Lead accumulation in shin bone may be associated with resistant high blood pressure
Accumulations of low levels of lead in the shin bone of men were associated with treatment-resistant high blood pressure, according to new research in the Journal of the American Heart Association, the Open Access Journal of the American Heart Association/American Stroke Association.
"Our study demonstrates that cumulative lead burden, as measured by cortical bone in the tibia (shin bone), may be an unrecognized risk factor for drug resistant hypertension," said Sung Kyun Park, Sc.D., M.P.H., the lead author of the study and an associate professor of epidemiology and environmental health sciences at the University of Michigan School of Public Health, in Ann Arbor, Michigan. Cortical bone is the hard outer shell of the bone. "We believe this is the first study to find this association," he said.
Researchers tested lead levels in the blood, tibias and kneecaps of 475 predominantly white men with high blood pressure at a Veteran's Affairs center in Boston, including 97 who developed high blood pressure and didn't respond well to medications.
Patients are diagnosed with resistant hypertension when they need three or more medications from different drug classes to treat high blood pressure, but still have blood pressure that exceeds the goal for hypertension established in 2017 in the American Heart Association/American College of Cardiology guidelines for hypertension. In addition, patients whose blood pressure achieves target values on four or more different types of blood-pressure-lowering medications are also considered to have resistant hypertension.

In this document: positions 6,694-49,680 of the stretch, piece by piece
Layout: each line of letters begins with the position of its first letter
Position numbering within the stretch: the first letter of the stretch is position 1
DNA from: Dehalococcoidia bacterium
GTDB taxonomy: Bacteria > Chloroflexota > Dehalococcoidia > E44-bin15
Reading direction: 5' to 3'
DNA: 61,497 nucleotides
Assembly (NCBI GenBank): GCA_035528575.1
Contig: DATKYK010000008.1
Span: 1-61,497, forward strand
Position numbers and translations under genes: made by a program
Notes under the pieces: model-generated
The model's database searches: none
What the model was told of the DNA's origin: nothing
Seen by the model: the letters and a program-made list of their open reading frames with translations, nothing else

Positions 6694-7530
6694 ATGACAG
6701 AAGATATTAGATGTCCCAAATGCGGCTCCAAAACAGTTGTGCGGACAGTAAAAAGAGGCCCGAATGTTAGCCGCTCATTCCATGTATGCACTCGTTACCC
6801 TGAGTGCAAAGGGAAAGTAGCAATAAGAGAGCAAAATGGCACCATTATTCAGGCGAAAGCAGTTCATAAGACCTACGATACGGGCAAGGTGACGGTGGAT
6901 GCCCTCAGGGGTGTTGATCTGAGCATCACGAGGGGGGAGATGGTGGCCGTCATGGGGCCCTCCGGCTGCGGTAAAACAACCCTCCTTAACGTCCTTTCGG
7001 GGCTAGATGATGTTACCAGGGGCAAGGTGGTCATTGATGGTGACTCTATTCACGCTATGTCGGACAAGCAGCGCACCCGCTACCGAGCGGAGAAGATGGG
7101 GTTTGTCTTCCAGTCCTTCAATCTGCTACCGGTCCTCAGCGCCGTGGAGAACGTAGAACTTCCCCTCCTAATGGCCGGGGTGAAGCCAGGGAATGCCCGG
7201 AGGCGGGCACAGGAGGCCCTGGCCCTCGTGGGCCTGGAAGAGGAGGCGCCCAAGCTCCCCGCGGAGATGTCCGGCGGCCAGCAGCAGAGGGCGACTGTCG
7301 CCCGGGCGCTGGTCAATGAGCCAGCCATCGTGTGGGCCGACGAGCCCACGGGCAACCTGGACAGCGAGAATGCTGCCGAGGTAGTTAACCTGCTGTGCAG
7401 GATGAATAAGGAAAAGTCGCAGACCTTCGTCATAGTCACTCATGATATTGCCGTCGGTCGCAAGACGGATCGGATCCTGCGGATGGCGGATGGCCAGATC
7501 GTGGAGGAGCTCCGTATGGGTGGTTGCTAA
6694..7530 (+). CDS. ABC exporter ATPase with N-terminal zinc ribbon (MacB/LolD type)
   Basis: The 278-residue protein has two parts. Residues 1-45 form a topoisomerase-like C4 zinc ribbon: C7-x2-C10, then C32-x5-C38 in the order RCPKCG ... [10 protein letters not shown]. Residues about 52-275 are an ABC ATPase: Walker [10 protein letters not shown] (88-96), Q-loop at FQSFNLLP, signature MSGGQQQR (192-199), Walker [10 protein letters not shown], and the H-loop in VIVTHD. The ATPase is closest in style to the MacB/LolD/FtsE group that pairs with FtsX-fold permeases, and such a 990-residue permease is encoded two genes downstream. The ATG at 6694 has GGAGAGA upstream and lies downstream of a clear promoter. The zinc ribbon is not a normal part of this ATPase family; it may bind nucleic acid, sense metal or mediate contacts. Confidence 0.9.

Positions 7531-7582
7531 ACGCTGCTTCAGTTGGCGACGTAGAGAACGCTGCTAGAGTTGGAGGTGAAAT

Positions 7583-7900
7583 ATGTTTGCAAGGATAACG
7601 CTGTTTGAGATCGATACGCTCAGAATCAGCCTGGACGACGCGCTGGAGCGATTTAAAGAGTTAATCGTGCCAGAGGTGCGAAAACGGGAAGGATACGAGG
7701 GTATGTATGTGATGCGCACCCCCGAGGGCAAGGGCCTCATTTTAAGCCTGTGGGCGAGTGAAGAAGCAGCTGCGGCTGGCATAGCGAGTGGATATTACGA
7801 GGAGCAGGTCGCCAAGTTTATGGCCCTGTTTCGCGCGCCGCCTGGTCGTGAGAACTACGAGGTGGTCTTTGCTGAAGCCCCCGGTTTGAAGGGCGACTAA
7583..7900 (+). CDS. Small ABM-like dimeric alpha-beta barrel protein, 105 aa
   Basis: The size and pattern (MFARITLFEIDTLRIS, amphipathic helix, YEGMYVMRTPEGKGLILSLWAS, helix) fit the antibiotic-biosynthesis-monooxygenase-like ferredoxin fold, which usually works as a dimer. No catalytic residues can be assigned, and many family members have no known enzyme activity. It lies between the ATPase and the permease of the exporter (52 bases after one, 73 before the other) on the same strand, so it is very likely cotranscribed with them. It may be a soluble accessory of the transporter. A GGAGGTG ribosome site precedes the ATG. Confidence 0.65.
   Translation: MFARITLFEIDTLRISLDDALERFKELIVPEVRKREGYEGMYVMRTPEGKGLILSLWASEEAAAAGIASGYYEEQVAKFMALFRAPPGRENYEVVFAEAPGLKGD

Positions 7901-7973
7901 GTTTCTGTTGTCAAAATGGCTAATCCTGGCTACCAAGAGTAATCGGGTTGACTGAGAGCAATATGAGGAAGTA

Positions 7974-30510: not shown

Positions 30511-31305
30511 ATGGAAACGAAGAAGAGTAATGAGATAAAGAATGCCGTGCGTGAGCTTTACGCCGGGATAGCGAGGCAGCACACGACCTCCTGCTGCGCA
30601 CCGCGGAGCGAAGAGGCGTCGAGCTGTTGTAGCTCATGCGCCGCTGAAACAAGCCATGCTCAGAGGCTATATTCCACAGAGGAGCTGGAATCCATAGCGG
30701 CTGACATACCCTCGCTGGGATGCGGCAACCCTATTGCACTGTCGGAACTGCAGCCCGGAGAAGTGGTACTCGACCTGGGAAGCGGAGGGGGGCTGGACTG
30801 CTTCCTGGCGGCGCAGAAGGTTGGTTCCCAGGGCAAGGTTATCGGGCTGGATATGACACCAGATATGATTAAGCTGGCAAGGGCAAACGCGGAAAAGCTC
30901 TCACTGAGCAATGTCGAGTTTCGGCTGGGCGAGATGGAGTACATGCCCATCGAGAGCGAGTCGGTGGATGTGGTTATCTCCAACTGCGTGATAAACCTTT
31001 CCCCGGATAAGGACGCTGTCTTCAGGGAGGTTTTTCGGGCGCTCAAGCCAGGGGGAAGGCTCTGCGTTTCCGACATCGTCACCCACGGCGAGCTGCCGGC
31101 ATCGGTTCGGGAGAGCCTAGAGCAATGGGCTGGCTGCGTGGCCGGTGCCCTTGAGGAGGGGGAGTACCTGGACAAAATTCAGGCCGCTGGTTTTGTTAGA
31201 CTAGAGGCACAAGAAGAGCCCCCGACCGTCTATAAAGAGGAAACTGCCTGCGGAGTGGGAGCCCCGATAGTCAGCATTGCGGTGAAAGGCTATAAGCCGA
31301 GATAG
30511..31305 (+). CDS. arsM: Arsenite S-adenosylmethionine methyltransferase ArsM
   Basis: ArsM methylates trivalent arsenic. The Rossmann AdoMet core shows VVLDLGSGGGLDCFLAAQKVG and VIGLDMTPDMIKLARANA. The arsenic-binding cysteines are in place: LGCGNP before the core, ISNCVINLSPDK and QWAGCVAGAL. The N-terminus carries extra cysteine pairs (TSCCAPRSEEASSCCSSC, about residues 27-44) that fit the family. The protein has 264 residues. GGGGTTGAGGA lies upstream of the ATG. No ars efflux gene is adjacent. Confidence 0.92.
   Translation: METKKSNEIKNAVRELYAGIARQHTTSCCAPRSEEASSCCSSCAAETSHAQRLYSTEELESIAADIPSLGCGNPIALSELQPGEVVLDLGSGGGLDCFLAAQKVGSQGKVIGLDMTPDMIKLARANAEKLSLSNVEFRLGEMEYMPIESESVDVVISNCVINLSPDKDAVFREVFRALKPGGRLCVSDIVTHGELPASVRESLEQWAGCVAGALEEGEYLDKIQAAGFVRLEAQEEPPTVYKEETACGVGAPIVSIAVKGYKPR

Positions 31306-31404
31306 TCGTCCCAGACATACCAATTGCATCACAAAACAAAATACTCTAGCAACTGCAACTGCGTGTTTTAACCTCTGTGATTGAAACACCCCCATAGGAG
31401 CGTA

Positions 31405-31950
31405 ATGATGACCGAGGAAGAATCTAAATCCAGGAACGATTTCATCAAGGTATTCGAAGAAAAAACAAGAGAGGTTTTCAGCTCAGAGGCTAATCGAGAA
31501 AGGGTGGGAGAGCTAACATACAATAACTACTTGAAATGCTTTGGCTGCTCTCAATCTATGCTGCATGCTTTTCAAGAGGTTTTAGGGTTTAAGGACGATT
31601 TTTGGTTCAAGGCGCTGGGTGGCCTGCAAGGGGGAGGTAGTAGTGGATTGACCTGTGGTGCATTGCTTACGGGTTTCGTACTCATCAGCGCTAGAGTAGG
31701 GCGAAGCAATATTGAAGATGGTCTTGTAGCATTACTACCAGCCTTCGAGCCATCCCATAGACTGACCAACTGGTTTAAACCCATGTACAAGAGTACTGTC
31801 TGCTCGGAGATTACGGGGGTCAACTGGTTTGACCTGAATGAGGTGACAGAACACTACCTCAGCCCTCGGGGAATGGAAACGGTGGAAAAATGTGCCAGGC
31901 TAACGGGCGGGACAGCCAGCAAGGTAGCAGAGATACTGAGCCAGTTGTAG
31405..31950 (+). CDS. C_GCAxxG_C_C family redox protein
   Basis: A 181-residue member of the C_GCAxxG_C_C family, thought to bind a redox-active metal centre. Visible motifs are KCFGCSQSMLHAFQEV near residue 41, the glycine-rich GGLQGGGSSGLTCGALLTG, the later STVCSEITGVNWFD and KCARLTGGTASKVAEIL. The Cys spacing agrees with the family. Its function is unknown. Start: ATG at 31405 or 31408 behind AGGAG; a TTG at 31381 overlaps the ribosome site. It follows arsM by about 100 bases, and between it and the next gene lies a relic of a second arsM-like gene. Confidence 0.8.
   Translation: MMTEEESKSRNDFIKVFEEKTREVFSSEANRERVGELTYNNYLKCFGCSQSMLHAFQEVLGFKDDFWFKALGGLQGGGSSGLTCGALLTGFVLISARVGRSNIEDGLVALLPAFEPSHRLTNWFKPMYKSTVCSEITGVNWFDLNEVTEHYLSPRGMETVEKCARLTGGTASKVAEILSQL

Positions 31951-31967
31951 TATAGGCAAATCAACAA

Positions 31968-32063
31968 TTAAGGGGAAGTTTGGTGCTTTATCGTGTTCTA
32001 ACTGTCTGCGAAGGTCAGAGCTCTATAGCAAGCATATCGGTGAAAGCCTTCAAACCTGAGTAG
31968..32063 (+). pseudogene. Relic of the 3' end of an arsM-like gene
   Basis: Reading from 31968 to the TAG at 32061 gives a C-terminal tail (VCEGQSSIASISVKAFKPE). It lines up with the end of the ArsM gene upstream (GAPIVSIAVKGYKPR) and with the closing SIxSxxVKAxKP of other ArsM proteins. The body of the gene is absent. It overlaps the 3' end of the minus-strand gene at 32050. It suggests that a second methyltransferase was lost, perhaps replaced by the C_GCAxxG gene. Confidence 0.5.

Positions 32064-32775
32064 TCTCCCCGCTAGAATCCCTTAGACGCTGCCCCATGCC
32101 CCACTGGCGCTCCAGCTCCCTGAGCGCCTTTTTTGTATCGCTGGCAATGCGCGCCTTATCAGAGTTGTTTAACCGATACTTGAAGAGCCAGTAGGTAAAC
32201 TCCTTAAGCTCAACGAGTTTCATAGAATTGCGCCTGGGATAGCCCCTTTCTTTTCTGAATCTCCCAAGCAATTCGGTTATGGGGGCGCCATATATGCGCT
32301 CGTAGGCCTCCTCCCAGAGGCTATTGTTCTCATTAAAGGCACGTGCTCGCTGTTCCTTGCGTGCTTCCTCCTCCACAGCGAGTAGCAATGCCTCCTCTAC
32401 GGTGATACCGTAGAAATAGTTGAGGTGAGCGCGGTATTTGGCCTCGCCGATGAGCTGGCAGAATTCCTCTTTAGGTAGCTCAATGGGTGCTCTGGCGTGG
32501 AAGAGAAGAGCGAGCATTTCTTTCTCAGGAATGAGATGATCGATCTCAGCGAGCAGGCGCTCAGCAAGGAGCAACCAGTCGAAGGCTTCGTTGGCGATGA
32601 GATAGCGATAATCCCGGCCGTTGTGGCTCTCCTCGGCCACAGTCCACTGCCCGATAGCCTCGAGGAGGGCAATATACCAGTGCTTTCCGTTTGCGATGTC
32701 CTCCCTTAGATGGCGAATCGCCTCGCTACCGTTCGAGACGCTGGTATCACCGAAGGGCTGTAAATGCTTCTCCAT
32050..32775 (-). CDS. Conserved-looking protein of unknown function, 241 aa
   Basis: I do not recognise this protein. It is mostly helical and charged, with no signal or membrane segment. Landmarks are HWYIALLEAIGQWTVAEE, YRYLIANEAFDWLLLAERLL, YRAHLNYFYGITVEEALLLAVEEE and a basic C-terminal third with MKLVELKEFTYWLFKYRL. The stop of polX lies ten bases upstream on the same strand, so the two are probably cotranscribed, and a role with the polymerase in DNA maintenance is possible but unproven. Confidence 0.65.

After adjusting for demographics, lifestyle and socioeconomic factors, including age, race, education, income, body weight and cigarette smoking, the researchers found a 19 percent higher risk of resistant hypertension in men with every 15 microgram per gram increase in lead levels in the tibia. Statistically meaningful associations between lead accumulation and resistant high blood pressure were not seen in the blood or knee bones (patella).
"Laws limiting lead exposure have been on the books for decades, but in recent years it is recognized that lead remains an environmental toxin that is still with us. This likely reflects the long after-effects of historically high lead exposures, which is what shin bone lead partly represents, but it also likely reflects continuing lead exposure from, for example, an aging infrastructure where water pipes in many urban areas are older and contain lead," Park said. "Since the lead problems in the drinking water in Flint, Michigan, have surfaced, the issue has become more troubling, especially in older U.S. cities."
The study had several limitations and additional research is needed to confirm the findings. Resistant hypertension in the study participants may have been due to secondary causes such as over-the-counter drugs or non-compliance with blood pressure medications, or due to variations in blood pressure tests at different doctors' offices. Also, because most of the study patients were white men, the potential association needs to be studied in other groups of patients, according to Park.
The men were tracked by the Normative Aging Study (NAS), a longitudinal Veterans Affairs study in 2,280 volunteers that was started in 1963 to characterize different health and disease risk factors that impact the natural aging process.